Capital punishment has been practiced on American soil for more than 400 years. Historians have documented nearly 16,000 executions, accomplished by burning, hanging, firing squad, electrocution, lethal gas and lethal injection. An untold number of others have doubtlessly occurred yet escaped recognition.
We helped create the University at Albany’s National Death Penalty Archive, a rich repository of primary source material encompassing the long and growing history of the death penalty.
Capital punishment has long been and continues to be controversial, but there is no disputing its historical and contemporary significance. More than 2,700 men and women are currently under sentence of death throughout the U.S., although they are distributed in wildly uneven fashion. California’s death row, by far the nation’s largest, tops out at well over 700, while three or fewer inmates await execution in seven states.
Executions similarly vary markedly by jurisdiction. Texas has been far and away the leader over the last half century, with five times as many executions as the next leading state.
We established the National Death Penalty Archive to help preserve a record of the country’s past and current capital punishment policies and practices, and to ensure that scholars and the general public can gain access to this critical information.
The archive currently holds numerous collections from diverse sources, including academics, activists, litigators and researchers. We remain open to new donations of materials relating to capital punishment. The materials are stored in a climate-controlled environment and are accessible to the public.
One of our prized collections is the voluminous set of execution records compiled by M. Watt Espy Jr. Espy spent more than three decades, encompassing the 1960s into the 1990s, traversing the countryside, collaborating with others to uncover primary and secondary sources documenting more than 15,000 executions carried out in the U.S. between the 1600s and the late 20th century. Espy’s data set has since been updated to include information on executions through 2002.
The National Death Penalty Archive houses the court records, newspaper articles, magazine stories, bulletins, photographs and index cards created for each execution that Espy and his assistants painstakingly collected. These items vividly capture this unparalleled history of executions within the American colonies and the U.S.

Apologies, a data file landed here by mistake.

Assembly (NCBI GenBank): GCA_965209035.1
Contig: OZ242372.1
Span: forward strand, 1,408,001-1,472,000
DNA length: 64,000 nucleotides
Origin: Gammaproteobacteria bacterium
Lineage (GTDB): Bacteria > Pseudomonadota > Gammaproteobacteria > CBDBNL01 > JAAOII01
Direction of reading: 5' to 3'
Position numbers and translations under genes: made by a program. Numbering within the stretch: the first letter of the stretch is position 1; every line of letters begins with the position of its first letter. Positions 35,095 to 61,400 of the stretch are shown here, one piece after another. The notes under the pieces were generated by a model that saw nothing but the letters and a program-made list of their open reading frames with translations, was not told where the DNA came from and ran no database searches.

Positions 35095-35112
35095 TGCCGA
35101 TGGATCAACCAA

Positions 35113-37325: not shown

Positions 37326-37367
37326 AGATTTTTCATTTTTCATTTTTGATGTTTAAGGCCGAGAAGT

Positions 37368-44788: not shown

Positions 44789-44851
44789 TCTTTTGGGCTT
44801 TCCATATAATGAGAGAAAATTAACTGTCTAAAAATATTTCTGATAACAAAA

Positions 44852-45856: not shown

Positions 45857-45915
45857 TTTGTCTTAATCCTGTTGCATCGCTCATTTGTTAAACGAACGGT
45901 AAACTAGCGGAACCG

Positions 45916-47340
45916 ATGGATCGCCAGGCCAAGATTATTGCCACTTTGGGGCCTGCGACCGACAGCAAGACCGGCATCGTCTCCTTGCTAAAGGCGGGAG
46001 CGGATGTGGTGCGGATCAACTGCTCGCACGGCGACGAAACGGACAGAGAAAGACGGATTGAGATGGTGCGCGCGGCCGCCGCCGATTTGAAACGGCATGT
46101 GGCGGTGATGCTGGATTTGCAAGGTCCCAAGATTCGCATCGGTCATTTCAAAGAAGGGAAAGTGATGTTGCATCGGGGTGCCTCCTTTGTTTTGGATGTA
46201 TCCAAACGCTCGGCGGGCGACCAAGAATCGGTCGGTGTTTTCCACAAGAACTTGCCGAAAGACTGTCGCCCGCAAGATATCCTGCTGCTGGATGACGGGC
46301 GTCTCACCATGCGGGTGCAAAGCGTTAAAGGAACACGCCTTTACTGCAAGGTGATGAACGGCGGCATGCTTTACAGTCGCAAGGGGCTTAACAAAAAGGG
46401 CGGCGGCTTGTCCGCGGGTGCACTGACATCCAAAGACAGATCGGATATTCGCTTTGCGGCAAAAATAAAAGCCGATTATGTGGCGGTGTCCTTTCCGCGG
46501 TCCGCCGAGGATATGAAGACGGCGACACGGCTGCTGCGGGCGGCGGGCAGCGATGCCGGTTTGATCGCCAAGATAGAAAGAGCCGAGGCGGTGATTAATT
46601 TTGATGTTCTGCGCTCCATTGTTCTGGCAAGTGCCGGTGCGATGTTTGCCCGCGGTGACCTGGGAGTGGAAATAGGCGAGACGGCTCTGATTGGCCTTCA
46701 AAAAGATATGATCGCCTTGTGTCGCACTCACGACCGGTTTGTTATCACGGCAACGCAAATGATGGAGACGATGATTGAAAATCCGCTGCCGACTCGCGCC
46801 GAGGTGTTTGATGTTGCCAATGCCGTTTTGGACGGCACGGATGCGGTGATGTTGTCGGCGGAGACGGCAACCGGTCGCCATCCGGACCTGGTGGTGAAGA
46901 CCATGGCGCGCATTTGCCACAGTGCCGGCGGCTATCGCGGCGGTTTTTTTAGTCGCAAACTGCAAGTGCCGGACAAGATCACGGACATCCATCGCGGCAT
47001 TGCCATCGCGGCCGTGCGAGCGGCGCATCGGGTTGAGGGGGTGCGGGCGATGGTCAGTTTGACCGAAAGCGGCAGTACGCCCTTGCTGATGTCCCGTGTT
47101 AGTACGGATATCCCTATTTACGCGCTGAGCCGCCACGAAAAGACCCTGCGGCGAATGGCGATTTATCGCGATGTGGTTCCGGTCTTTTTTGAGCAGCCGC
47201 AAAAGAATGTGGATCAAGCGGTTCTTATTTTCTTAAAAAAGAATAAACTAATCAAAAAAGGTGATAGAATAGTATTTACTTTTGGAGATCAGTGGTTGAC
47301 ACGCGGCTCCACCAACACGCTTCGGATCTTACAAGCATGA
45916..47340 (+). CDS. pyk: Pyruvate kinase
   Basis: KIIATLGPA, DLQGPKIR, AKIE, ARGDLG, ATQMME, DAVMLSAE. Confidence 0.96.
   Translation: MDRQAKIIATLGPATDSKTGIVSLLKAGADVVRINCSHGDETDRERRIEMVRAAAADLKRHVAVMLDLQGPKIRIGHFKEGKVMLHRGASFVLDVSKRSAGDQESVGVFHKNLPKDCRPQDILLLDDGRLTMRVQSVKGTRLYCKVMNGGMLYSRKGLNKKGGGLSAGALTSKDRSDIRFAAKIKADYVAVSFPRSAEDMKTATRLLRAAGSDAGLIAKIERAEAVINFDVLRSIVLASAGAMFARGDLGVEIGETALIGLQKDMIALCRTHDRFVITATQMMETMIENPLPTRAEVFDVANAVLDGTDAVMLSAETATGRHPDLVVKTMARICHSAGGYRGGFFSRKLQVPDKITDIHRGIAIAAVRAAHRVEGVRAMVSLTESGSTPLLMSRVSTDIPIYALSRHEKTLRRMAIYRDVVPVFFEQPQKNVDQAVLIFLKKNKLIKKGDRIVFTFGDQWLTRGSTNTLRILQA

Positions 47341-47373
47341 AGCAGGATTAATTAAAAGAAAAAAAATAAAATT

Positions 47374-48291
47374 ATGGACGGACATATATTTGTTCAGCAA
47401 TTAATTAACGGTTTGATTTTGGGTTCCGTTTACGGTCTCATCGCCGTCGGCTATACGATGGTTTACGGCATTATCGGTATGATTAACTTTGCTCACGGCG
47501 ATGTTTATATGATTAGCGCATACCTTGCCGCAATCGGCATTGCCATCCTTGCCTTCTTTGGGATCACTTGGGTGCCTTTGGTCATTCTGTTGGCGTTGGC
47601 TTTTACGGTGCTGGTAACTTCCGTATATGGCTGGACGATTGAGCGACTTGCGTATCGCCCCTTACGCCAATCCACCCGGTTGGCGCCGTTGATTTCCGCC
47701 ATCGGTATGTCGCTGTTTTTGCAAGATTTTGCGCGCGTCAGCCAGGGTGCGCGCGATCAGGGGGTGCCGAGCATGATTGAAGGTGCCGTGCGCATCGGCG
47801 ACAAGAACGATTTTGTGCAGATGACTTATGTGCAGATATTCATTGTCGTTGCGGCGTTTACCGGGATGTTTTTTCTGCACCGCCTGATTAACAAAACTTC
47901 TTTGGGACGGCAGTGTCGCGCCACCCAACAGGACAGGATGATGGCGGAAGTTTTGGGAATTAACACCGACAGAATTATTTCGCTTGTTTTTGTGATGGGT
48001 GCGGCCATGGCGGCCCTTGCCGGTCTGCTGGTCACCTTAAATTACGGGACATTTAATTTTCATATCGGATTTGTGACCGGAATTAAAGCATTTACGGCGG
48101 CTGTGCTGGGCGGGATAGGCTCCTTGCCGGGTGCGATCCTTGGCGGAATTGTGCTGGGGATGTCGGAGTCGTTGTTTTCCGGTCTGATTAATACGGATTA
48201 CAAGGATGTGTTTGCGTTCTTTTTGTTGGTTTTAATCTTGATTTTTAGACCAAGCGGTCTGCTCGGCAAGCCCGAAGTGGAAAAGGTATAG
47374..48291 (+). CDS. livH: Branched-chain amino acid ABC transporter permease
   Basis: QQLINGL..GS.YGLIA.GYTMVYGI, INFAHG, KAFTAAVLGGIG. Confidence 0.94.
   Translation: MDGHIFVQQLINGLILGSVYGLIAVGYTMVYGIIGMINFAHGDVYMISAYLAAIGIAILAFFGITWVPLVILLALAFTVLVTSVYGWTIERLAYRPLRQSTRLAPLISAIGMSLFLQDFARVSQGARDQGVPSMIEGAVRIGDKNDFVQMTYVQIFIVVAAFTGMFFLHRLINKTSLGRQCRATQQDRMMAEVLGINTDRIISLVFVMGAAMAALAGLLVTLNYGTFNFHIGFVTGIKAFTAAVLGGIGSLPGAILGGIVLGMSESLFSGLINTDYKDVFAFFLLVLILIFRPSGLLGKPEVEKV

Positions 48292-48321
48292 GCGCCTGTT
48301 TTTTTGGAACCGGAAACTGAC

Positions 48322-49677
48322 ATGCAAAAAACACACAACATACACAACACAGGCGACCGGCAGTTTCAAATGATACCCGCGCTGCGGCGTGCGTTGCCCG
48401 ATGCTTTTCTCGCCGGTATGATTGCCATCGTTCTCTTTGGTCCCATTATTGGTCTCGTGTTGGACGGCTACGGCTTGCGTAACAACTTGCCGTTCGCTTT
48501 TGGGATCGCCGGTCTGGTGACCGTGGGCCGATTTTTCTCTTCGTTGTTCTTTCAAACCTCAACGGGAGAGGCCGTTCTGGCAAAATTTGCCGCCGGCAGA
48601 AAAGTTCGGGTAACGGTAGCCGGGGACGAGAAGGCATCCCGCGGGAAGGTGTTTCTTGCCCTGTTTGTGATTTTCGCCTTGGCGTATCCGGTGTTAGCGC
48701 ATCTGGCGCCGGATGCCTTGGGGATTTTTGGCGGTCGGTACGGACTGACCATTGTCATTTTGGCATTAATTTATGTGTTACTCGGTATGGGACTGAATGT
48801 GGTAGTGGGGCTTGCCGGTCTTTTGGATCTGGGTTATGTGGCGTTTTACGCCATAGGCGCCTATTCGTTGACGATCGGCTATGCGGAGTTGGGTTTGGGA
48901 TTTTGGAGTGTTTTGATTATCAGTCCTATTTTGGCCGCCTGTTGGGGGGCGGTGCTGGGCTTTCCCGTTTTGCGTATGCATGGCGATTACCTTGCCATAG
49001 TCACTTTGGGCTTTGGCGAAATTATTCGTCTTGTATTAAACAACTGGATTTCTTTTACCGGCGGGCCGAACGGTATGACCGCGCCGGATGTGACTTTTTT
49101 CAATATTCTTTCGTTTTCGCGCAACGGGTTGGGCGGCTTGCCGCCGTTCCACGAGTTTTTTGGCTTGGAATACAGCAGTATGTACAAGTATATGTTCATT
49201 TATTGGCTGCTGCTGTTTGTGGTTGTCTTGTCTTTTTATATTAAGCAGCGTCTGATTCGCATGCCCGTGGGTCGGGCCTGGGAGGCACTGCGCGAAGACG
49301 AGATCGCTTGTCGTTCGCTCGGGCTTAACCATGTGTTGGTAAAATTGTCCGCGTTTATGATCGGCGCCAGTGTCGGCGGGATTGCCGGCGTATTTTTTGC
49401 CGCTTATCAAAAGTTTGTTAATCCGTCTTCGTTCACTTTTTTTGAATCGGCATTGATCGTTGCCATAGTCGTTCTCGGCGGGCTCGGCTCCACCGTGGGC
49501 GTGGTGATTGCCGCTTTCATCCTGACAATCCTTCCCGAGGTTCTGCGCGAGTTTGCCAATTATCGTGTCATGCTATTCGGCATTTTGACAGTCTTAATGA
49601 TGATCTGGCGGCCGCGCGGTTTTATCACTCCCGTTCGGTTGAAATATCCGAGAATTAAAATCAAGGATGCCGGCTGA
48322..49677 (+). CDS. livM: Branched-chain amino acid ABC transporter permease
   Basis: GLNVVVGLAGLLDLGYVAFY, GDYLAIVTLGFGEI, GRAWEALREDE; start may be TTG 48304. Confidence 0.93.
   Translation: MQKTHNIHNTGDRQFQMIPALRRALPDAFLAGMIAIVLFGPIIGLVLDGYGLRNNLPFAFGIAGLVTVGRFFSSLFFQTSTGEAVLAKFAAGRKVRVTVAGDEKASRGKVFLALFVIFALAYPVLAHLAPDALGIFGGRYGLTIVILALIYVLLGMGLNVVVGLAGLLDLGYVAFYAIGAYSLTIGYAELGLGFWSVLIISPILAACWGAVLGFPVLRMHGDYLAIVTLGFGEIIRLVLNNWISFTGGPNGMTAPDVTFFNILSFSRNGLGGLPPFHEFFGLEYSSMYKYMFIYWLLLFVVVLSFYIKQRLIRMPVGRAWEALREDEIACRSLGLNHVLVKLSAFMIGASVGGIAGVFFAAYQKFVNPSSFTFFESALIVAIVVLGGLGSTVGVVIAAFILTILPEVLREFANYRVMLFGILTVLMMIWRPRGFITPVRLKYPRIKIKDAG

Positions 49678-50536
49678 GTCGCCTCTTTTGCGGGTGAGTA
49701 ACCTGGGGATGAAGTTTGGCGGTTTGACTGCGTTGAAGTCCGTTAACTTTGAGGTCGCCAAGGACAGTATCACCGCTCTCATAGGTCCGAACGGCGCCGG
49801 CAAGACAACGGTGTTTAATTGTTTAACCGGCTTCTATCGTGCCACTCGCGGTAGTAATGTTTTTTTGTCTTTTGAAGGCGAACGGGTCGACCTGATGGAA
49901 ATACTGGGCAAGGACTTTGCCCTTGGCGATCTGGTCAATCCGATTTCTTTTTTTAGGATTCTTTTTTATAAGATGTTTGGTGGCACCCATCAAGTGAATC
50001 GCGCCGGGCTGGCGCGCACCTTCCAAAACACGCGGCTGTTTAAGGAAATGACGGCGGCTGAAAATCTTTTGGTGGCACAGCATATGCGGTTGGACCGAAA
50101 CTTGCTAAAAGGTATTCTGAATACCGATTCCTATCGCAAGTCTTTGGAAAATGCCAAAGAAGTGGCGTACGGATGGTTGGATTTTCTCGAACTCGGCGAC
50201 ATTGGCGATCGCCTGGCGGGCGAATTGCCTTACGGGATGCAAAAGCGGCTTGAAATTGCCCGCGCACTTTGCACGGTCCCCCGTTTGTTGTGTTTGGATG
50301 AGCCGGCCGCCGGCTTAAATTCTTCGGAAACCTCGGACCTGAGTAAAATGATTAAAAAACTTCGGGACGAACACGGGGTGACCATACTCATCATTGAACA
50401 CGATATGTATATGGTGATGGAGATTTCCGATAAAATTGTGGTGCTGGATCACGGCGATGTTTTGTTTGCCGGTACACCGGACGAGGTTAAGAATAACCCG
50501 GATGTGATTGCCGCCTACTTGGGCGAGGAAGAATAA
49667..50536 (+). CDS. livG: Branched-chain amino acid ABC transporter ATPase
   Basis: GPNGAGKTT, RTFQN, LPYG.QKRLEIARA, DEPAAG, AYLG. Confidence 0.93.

Among those documented is the 1944 electrocution in South Carolina of George Stinney Jr., who at age 14 was the youngest person punished by death during the 20th century. Seventy years later, a South Carolina judge vacated Stinney’s conviction, ruling that he did not receive a fair trial.
In July, after the documents are fully digitized, the National Death Penalty Archive will make all of Espy’s materials available online.
Another prized holding consists of nearly 150 boxes of materials from Eugene Wanger. As a delegate to the Michigan Constitutional Convention, Wanger drafted the provision prohibiting capital punishment that was incorporated into the state constitution in 1961.
For more than 50 years, Wanger compiled a treasure trove of items spanning the 18th through 21st centuries relating to the death penalty, including numerous rare documents and paraphernalia. Among the thousands of items in the extensive bibliography are copies of anti-capital-punishment essays written by Pennsylvania’s Benjamin Rush shortly after the nation’s founding.
We also have collected the work of notable scholars. For example, the National Death Penalty Archive houses research completed by the late David Baldus, known primarily for his analysis of racial disparities in the administration of the death penalty; the writings of the late Hugo Adam Bedau, perhaps the country’s leading philosopher on issues of capital punishment; and the papers of the late Ernest van den Haag, a prolific academic proponent of capital punishment.
The National Death Penalty Archive additionally contains more than 150 clemency petitions filed on behalf of condemned prisoners, as well as materials relating to notable U.S. Supreme Court decisions, including Ford v. Wainwright, prohibiting execution of the insane, and Herrera v. Collins, in which the justices were asked to rule that the Constitution forbids executing an innocent person wrongfully sentenced to death.
On the decline
The recent history of capital punishment in the U.S. has been marked by declining popularity and usage. Within the past 15 years, eight states have abandoned the death penalty through legislative repeal or judicial invalidation.
The number of new death sentences imposed annually nationwide has plummeted from more than 300 in the mid-1990s to a fraction of that – just 42 – in 2018. Last year, there were 25 executions in the U.S., down from the modern-era high of 98 in 1999.
Meanwhile, public support for capital punishment as measured by the Gallup Poll registered at 56 percent in 2018, compared to its peak of 80 percent in 1995. Only a few counties, primarily within California and a few southern states, are responsible for sending vastly disproportionate numbers of offenders to death row.
What these trends bode for the future of the death penalty in the U.S. remains to be seen. When later generations reflect on the nation’s long and complicated history with the death penalty, we hope that the National Death Penalty Archive will offer important insights into the currents that have helped shape it.
JAMES ACKER is a distinguished teaching Professor of Criminal Justice at the University at Albany, State University of New York.
BRIAN KEOUGH is the Co-Director at the National Death Penalty Archive at University at Albany, State University of New York.
THIS ARTICLE WAS ORIGINALLY PUBLISHED ON THE CONVERSATION